The creation of “entirely new rail lines” including Crossrail 2 may be necessary to cope with train overcrowding on some London routes over the next 20 years, Network Rail said today.
The situation was most pressing on some outer suburban routes from the south-west into London and between London and Ipswich, Network Rail said. Construction of High Speed 2 would also heap pressure on the existing network, it said.
A new approach would be needed to meet predicted future demand on “a small number of routes”, with measures such as train lengthening, timetable changes and infrastructure enhancements possibly being too complex and costly.
“More extensive options – for example, the building of entirely new lines – may be needed,” said Network Ral, in its 20-year Rail Utilisation Strategy (RUS) for London and south-east England services.
It assumes that the number of passengers travelling into London in the busiest hours will grow by more than a third by 2031.
It says that provided committed schemes such as Crossrail and Thameslink were implemented in full, “overall peak capacity in the London suburban area will largely be able to cope with predicted passenger numbers in 2031, with the addition of some other key measures”.
These other measures include extra commuter services between the Thames Valley and Paddington station in London, additional tracks on the Lea Valley line in east London and more trains on the Windsor lines into London’s Waterloo station.
The RUS recommends developing proposals for extending Crossrail to Reading and improving rail links to Heathrow. The proposed Airtrack scheme that would link Heathrow and London Waterloo is currently in planning.
The RUS also stresses the impact the proposed High Speed 2 line would have on capacity on the local rail network, and notes the key role that could be played by Crossrail 2, the proposed new line that would run in tunnel beneath London from Chelsea to Hackney.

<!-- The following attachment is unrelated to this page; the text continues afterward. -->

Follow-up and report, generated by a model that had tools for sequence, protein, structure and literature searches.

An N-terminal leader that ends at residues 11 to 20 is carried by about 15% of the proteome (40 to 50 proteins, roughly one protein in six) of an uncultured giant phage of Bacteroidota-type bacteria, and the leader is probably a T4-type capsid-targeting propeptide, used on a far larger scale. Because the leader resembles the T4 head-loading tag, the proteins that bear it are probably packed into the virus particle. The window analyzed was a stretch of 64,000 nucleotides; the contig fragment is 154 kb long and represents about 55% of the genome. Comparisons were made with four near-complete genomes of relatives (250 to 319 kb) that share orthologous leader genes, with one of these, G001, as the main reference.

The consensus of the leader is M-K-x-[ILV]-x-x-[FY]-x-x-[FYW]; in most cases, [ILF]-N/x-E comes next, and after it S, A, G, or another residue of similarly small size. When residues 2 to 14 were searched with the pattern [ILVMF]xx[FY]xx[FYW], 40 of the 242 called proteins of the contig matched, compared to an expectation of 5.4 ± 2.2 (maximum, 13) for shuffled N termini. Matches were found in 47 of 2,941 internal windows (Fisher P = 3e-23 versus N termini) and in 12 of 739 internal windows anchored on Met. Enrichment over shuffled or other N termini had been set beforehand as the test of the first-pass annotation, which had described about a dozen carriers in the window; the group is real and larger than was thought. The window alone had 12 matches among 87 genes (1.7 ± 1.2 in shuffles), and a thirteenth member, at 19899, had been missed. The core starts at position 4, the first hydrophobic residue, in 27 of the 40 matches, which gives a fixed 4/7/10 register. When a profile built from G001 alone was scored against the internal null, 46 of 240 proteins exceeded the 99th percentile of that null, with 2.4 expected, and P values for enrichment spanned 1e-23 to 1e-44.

It suggests that the currently safeguarded alignment of the cross-London rail tunnel be adapted to accommodate an interchange at Euston, the likely London terminus of any High Speed 2 line.
Proposals for a interchange between High Speed 2 and Crossrail at Old Oak Common also need more work, says the strategy. It also highlights issues with linking High Speed 2 with High Speed 1.
The RUS advises that detailed consideration of the effect of a High Speed 1 to High Speed 2 connection is required, given that the only viable route for such a connection “appears to interact significantly” with the North London Line.
Network Rail planning and development director Paul Plummer said: “Some of the conclusions in this report are stark. This strategy should act as the starting point for a wider discussion, looking beyond rail planning to housing policy, the ability of the railway to drive regeneration and changes to how we live, work and travel.”
Today’s publication marks the start of a three month consultation on the draft strategy with key stakeholders. After taking feedback into consideration, Network Rail will publish the final strategy in summer 2011.